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NOTES ON ENRON Death of a Corporation Idiots v. Crooks.

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2 NOTES ON ENRON Death of a Corporation Idiots v. Crooks

3 FIRST: Lets Discuss BUSINESS ORGANIZATION. –NOTE: This isnt in the book – but it is a sample of Microeconomics and current events – since ENRON is still in the news. You will work for one type of organization in your future.

4 The Three Types of Business Organization Sole Proprietorship Partnerships Corporations

5 Sole Proprietorship If you alone own and control the service.

6 Opportunity Benefits of Sole Proprietorships Owner has direct control Small initial investment Owner receives all profits Owner can dissolve business when necessary.

7 Opportunity Costs of Sole Proprietorships All losses are borne by owner Difficulty in raising financial capital –Limited growth potential Only one person in authority Lack of longevity Unlimited liability

8 Partnerships A business owned and controlled by two or more people. Ben and Jerry were college buddies that found after certain experiences at Berkeley in the 60s – they were really hungry for ice cream.

9 REMEMBER! Partnerships dont have to be just two people. JC Penney: The man with a thousand partners. Ben and Jerry today at a Legalize Hemp Festival Essay contest and now their company is part of Borden.

10 Two forms of partnerships General Partnerships: Equal decision making. Limited Partnerships: Partners join as investors, offering capital, but little, if any, role in decision making. –VENTURE CAPITALISTS –Famous Dave made great barbecue – but had no sense of business. –Going broke UNTIL

11 Willy Theisen Founded Godfathers Pizza in 1973 and made a fortune – sold out the chain to Pillsbury and now is a Venture Capitalist creating partnerships like Famous Dave

12 Advantages of Partnerships Two or more individuals own the business. –Specialization Losses are shared by partners. More money is available to invest in business Sharing management responsibilities Taxes are shared by partners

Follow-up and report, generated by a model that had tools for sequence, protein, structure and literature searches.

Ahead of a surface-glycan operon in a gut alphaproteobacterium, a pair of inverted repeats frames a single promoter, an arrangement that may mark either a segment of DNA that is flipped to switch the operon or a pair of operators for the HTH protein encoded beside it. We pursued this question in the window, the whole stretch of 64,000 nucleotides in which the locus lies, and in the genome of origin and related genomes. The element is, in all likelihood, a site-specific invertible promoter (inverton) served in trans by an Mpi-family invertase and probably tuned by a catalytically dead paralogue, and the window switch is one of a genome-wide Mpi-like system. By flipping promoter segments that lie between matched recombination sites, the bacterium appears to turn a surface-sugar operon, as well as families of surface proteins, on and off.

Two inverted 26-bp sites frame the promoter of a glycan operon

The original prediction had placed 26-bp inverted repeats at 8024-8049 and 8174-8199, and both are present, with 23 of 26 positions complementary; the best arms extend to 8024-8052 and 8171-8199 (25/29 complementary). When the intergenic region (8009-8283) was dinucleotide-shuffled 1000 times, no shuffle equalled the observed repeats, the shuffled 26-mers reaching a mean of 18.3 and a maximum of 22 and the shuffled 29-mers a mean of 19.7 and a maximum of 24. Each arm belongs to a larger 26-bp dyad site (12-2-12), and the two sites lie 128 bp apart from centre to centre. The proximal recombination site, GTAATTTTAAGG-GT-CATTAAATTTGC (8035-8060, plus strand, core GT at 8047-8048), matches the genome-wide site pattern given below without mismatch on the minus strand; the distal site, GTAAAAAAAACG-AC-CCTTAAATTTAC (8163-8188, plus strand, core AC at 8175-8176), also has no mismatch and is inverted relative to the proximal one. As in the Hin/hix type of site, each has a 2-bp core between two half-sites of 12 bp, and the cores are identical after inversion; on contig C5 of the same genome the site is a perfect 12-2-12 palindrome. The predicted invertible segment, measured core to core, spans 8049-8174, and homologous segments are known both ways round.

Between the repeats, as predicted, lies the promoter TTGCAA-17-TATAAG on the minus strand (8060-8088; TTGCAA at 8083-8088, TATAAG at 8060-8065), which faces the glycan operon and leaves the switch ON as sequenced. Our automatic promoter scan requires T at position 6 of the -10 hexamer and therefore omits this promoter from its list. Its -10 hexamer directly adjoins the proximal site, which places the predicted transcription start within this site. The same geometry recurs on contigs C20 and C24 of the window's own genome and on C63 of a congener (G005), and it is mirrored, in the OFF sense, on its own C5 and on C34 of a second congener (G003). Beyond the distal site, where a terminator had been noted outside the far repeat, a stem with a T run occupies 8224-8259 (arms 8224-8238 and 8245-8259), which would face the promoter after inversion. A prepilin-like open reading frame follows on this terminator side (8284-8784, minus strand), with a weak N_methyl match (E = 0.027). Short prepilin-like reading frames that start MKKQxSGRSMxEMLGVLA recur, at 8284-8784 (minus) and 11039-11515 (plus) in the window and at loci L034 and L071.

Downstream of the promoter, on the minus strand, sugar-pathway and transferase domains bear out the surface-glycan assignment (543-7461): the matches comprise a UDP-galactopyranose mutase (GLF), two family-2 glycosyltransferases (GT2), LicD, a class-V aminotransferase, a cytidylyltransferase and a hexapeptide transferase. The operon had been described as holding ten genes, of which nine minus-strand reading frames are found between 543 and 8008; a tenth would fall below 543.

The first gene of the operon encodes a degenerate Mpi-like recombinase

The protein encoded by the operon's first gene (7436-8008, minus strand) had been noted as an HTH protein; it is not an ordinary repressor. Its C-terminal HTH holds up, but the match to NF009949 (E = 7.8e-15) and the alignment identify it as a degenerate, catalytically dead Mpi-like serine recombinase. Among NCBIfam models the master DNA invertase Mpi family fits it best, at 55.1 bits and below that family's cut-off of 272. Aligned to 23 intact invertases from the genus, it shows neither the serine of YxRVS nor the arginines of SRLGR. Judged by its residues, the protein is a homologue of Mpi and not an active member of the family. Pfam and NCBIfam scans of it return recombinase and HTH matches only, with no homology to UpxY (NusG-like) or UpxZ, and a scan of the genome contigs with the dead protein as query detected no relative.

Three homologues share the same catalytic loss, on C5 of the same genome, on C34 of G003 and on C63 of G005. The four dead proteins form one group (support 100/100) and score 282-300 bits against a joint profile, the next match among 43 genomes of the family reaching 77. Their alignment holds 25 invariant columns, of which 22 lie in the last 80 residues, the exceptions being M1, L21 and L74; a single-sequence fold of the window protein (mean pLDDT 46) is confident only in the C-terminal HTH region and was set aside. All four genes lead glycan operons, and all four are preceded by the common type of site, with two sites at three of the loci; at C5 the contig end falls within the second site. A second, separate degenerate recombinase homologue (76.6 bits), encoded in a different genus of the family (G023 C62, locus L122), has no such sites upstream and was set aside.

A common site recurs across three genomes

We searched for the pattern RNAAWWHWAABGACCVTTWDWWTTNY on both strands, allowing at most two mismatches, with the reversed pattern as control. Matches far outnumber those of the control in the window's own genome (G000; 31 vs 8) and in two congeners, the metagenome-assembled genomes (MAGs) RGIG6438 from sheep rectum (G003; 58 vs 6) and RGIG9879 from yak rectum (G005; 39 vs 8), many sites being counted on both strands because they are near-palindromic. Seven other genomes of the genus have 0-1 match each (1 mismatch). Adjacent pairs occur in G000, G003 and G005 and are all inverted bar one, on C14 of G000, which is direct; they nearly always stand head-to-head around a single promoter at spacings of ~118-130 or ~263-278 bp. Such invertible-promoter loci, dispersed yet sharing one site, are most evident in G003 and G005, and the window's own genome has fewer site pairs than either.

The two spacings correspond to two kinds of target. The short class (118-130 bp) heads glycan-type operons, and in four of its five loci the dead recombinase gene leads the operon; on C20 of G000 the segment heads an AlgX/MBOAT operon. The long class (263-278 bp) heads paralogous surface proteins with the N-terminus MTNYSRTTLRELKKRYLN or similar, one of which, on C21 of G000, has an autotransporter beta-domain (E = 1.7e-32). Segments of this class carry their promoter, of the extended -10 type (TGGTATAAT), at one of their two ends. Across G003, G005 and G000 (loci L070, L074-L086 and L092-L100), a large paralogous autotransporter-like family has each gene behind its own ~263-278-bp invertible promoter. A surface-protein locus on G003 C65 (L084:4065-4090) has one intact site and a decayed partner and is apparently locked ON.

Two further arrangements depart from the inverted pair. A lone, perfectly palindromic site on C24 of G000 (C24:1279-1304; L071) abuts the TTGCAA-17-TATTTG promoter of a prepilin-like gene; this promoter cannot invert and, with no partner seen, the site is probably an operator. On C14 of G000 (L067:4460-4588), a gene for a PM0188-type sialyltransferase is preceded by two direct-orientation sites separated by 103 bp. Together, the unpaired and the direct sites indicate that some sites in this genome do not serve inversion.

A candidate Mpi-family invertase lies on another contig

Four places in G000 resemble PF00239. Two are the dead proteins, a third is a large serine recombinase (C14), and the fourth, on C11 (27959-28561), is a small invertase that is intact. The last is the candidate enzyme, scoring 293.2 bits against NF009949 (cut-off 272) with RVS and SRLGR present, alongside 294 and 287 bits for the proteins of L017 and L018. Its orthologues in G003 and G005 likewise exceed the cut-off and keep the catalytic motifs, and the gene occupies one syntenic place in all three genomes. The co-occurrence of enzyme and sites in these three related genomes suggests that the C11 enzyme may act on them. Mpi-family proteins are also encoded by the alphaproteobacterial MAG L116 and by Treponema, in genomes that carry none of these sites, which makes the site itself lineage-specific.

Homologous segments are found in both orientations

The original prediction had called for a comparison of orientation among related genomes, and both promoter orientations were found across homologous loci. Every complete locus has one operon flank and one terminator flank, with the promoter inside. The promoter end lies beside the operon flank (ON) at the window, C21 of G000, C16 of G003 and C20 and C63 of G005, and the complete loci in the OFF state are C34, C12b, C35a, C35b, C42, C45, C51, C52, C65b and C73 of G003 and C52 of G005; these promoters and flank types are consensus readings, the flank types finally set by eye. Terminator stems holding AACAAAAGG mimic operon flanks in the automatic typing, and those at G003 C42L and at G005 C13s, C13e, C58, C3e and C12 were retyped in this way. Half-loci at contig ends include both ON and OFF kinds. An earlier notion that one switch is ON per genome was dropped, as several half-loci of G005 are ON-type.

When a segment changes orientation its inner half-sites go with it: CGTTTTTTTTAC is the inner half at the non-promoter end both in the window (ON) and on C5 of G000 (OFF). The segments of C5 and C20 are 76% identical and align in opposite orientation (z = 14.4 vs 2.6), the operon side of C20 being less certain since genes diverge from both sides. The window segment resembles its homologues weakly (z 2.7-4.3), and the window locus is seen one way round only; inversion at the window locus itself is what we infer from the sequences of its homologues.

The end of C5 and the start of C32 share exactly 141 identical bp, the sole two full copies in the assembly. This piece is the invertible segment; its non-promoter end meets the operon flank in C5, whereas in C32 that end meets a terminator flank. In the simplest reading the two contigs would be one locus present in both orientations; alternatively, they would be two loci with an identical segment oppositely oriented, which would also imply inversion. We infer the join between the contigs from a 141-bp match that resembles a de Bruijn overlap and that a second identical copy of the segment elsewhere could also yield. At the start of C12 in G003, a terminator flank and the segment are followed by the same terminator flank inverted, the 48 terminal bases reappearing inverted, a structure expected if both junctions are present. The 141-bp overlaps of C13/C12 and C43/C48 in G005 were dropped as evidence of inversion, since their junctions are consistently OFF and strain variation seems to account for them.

13 Disadvantages of Partnerships Division of authority Unlimited liability. Difficulty in raising additional capital. Lack of longevity. Legal complications when there is a change in ownership.

14 Advantages of Corporations Limited liability. Easy to raise needed capital. Business owned by a group of individuals. Responsibilities for running the business divided among many individuals Easy change in ownership and business continues as long as it makes profits. – LONGEVITY.

15 Disadvantages of Corporations Corporate charters are $$$ Federal and state govts. monitor corporations more. ***Slow process of decision making.

16 Corporations Legally distinct from their owners and treated as if individuals. –Corporations can Own property Hire workers Make contracts Pay taxes Sue and be sued Make and sell products.

17 What kind of companies are organized as corporations? USUALLY – food, steel, oil companies are corporations. Insurance companies, supermarket chains, major companies.

18 Forming a corporation When expansion calls for more than adding more partners. GET A LAWYER!

19 Forming a corporation: Lawyer applies for a state license: ARTICLES OF INCORPORATION. Reviewed by state officials. If all in order they grant –CORPORATE CHARTERS

20 Corporate Structure The corporate charter identifies the officers. –Chairman of the board – symbolic head of the corporation. –CEO – Chief Executive Officer – the REAL power. –Martha Stewart – before prison was BOTH Chairman and CEO of her corporation.

21 Corporate Structure Board of Directors – people from inside or outside the company. –Key decision making body. Decide on product lines. Hires / fires corporate officers to do the day-to- day running of the corporation. –Sees that boards policies are carried out.

22 Corporate Finances Most common way to raise money is selling STOCK. –STOCK – represents ownership of the firm. –Ownership is issued in portions called SHARES.

23 Corporate finances If you buy 100 shares of stock in a company, you own 100 pieces of that company. If that company has a total of 10,000 shares available – you own 1% of the company.